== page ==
How does $74,000 for a block of land sound? With reports coming in that the land market has reached its lowest point for a decade, the country's cheapest regional land markets have been exposed.
Claiming that the median land value in regional Australia fell by 0.7% cent in the December 2011 quarter to $153,833 – a drop of 1% on the December 2010 quarter – the HIA-RP Data Residential Land Report has revealed the 10 regions where vacant land has hit rock bottom prices.
So which areas make the top 10? South Australia, New South Wales and Victoria take three spots each, with Tasmania completing the list. The cheapest regional land market, according to the report, was the South East region of SA with a median lot price of $74,000. Mersey-Lyell in Tasmania takes the second spot ($77,500), followed by Mallee in Victoria ($80,750). Scroll down to see the top 10.
These figures contrast sharply with those of the top 10 most expensive regional land markets, with Richmond-Tweed (NSW) , the Sunshine Coast (Qld), the Gold coast (Qld) and Illlawarra (NSW) all recording median lot prices of more than $200,000.
According to the report, the overall volume of residential land sales fell by 27% over the year to the December 2011 quarter. Despite this fall in sales activity, the weighted median residential land value in Australia increased by 1.7% during the quarter to be 0.7% higher than it was during the same period in 2010.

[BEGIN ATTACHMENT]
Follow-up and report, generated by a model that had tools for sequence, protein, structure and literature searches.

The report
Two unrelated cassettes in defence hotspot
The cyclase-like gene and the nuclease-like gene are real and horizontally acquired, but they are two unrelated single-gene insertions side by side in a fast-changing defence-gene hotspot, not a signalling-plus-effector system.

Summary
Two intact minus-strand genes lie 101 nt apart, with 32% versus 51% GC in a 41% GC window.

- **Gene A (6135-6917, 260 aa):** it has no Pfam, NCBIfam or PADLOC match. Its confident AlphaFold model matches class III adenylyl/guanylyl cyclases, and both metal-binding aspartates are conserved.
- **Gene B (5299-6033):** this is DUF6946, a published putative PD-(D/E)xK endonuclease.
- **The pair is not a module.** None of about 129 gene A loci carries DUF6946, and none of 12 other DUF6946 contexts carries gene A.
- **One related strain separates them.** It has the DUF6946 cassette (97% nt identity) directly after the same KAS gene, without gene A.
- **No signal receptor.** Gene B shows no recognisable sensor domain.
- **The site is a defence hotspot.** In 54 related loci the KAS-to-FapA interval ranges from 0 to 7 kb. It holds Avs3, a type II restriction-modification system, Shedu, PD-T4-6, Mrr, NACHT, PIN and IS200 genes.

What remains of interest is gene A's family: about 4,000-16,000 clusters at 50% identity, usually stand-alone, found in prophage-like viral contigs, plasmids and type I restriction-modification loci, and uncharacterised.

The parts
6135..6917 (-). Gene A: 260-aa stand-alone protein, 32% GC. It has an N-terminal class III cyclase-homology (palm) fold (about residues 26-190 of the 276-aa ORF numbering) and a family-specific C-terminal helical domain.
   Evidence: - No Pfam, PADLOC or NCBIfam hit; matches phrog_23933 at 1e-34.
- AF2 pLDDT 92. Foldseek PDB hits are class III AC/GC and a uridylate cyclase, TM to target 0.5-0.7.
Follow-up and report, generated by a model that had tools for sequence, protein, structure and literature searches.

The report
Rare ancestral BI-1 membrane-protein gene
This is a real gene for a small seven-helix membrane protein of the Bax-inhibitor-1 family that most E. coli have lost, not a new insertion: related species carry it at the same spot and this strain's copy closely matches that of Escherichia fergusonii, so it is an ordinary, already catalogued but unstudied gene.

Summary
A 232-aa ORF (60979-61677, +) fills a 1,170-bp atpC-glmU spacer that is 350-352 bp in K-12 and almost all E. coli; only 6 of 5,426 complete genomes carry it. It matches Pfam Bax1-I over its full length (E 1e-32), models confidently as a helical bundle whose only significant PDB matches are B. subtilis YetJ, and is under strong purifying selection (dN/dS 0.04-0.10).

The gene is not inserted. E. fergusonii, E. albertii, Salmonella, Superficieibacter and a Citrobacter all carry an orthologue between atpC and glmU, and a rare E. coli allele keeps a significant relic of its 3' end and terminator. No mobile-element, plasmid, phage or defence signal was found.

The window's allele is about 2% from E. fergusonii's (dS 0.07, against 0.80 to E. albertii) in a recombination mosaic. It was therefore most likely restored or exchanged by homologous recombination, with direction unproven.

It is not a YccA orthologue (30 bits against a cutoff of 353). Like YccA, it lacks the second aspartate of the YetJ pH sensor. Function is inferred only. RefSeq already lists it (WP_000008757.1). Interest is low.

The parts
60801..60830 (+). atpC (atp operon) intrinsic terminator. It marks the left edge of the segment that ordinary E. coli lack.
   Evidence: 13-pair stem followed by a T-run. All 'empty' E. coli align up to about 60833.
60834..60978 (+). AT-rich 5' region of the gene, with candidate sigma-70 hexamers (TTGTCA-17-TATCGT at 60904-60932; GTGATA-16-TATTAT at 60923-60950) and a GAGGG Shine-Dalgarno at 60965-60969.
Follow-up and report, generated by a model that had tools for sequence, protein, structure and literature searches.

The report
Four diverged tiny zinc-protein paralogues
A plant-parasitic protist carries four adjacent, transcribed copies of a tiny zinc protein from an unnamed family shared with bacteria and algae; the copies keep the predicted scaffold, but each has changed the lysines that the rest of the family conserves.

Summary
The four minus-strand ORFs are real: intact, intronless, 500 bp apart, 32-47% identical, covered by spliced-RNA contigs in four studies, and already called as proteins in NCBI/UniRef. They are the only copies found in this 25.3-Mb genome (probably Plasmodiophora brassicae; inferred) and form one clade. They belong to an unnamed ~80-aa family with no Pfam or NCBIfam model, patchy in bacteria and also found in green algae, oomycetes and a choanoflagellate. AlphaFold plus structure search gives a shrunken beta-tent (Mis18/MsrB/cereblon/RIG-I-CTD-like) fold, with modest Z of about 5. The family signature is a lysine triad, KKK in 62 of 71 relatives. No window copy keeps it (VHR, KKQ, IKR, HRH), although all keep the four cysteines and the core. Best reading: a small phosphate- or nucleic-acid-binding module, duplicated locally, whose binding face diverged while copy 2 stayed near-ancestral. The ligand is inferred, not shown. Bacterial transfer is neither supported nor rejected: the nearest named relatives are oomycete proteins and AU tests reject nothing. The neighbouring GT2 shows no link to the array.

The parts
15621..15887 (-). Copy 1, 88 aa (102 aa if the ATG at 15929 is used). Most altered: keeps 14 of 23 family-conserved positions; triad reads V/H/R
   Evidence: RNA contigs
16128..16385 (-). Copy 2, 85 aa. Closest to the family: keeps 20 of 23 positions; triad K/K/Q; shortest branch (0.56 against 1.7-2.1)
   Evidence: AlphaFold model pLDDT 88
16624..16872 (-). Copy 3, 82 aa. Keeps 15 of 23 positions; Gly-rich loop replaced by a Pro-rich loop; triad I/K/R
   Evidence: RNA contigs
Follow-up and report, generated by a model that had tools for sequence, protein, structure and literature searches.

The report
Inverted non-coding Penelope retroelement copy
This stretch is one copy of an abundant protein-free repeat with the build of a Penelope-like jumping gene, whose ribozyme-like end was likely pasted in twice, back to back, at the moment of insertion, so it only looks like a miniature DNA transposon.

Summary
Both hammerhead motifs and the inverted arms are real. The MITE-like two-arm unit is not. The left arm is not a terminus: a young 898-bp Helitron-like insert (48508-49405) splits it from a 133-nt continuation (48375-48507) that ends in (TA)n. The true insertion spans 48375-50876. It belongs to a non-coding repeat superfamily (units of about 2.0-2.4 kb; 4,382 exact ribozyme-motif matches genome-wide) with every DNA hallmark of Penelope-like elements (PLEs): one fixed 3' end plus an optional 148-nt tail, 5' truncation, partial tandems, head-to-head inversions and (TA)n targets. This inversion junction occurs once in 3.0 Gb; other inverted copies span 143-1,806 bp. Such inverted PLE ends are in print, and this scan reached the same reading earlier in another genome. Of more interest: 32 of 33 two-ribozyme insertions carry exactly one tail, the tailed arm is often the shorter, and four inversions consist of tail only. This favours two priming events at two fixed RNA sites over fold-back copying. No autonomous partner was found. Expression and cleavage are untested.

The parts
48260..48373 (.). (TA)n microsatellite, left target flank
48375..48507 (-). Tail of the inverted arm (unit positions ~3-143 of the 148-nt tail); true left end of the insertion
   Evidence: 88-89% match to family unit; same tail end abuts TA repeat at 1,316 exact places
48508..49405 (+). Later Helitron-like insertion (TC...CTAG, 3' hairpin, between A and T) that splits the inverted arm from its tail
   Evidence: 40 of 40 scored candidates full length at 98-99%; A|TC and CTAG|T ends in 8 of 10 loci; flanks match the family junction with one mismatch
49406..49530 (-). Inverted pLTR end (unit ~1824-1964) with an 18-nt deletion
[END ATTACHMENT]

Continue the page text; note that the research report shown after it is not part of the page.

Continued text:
There was a big contrast between the performance of capital cities and regional areas when it came to land values, however, with the median value for capital cities increasing by 2.8% over the quarter to be 1.5% higher than the previous year’s figure. The median residential land value in Regional Australia, meanwhile, saw a quarterly drop of 0.7% - which put it 1% lower than the figure recorded the previous year.
“Vacant land markets are substantially weaker now than what they were back in the height of the GFC and the duration of the downturn has been sustained for five quarters,” said RP Data research director Tim Lawless.
“Over the 2011 calendar year we have seen just under 44,000 land sales which is 46% lower than what was recorded over the 2009 calendar year. Compare that to the dwelling market where transaction volumes are about 28% lower compared with the 2009 highs, which is a weak result in itself, and the significant weakness in the vacant land market becomes even more apparent.”
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